June 4, 2012
Link Between Brain Signaling And Renal Function Found
Boston University School of Medicine (BUSM) researchers recently uncovered a brain signaling pathway responsible for regulating the renal excretion of sodium. The findings appear in the Journal of the Federation of American Societies for Experimental Biology.
Hypertension, or chronic high blood pressure, affects one-third of adults, significantly increasing cardiovascular risk and mortality. Approximately 50 percent of hypertensive patients are salt-sensitive and exhibit an increase in blood pressure following salt-intake.
Wainford and his team explored the role of GÎ±i2 signal transduction proteins in the brain pathways activated to regulate salt and water excretion and subsequently blood pressure. They identified a previously unknown role of PVN GÎ±i2-subunit proteins as a central mechanism mediating the suppression of renal sympathetic nerve traffic to the kidneys and the renal excretion of sodium.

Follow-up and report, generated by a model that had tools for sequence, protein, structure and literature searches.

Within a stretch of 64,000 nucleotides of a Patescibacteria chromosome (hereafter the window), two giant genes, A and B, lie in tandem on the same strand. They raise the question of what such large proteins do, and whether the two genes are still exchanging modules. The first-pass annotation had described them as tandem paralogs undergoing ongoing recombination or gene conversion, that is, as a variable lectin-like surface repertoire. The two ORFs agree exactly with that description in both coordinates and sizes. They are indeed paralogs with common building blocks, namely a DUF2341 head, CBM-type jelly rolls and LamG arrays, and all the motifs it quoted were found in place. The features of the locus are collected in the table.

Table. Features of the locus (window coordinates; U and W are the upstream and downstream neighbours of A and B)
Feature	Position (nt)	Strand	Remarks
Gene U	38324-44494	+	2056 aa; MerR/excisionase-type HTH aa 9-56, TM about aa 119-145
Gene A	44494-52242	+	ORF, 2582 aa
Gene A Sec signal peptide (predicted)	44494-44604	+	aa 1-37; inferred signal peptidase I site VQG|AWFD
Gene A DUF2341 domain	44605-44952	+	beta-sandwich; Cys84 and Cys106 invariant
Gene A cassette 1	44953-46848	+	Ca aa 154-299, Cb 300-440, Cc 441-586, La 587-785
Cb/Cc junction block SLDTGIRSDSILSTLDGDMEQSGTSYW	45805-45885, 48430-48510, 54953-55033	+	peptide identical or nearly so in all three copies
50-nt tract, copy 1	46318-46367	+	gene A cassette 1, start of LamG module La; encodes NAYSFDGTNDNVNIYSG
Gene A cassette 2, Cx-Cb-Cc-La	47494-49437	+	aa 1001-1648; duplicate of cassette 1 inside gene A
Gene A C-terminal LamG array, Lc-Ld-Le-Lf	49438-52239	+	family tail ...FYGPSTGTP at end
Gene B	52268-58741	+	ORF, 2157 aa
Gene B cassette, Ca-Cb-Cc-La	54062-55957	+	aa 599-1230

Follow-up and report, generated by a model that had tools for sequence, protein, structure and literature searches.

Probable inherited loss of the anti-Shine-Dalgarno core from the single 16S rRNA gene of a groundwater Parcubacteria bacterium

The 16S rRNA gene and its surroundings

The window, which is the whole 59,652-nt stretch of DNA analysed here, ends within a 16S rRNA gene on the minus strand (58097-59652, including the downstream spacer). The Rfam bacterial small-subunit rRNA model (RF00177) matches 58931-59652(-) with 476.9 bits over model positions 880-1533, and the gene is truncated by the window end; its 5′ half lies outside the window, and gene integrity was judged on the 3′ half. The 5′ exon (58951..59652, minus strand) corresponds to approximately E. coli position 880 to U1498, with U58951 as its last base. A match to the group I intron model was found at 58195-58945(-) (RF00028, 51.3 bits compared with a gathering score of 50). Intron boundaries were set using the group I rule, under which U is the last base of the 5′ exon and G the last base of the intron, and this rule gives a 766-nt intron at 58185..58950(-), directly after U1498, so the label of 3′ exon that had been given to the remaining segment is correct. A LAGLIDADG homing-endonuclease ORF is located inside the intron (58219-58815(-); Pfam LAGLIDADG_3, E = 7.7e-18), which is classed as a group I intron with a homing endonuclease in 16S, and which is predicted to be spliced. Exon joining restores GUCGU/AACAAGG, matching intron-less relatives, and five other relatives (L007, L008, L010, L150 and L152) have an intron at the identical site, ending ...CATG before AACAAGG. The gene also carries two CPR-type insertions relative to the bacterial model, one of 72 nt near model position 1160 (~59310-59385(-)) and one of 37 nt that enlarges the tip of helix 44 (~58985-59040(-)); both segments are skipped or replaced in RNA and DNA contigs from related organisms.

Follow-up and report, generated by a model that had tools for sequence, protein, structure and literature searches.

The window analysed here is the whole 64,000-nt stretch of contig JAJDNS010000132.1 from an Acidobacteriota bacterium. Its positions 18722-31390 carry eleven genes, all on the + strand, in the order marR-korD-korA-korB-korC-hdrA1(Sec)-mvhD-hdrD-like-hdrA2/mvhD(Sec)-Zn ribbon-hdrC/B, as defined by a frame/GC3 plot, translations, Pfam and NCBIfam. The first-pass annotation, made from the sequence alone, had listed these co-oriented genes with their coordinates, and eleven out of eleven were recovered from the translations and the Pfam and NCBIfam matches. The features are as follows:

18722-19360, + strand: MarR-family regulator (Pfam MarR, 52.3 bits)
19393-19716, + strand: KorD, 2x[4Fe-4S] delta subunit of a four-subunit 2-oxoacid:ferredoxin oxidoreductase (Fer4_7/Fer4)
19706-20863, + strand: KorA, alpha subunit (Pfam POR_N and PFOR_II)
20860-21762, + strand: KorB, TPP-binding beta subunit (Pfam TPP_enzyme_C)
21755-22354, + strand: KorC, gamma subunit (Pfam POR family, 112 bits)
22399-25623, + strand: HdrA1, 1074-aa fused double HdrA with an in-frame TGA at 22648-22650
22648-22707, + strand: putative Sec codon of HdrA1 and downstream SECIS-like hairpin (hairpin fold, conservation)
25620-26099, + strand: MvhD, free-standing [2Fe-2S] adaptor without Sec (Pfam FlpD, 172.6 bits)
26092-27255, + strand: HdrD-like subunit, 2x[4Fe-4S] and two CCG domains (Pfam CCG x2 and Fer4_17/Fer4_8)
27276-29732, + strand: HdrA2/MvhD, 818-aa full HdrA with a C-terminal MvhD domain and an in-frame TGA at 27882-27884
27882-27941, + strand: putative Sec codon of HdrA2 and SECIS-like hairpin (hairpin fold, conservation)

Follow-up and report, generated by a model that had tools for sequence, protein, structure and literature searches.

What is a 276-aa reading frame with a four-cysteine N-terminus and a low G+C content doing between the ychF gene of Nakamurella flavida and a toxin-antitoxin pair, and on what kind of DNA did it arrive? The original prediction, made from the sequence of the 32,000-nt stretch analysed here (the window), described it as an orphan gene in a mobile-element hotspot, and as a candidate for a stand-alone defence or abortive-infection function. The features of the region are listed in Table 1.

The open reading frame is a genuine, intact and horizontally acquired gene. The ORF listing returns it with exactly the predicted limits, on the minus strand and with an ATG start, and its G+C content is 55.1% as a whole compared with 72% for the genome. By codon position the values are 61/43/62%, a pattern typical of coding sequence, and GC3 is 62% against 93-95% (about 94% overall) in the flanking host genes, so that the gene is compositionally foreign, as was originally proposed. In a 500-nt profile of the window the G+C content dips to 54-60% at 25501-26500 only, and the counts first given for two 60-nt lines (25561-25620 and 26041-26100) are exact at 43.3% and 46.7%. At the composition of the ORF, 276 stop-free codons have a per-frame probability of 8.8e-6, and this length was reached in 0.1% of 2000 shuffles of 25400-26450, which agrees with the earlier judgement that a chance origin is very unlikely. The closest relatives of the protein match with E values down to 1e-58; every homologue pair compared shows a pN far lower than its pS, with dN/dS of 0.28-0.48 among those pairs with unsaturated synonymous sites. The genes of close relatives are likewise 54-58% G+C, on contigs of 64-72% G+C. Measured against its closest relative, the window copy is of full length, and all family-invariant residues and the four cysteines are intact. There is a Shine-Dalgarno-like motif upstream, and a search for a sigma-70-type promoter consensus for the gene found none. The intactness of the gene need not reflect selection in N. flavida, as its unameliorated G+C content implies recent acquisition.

These data provide a target for new therapies that may improve cardiovascular and renal excretory function. This may help treat multiple disease states, such as salt-sensitive hypertension and congestive heart failure caused by elevated sodium intake.
On the Net:
- Boston University Medical Center
- Journal of the Federation of American Societies for Experimental Biology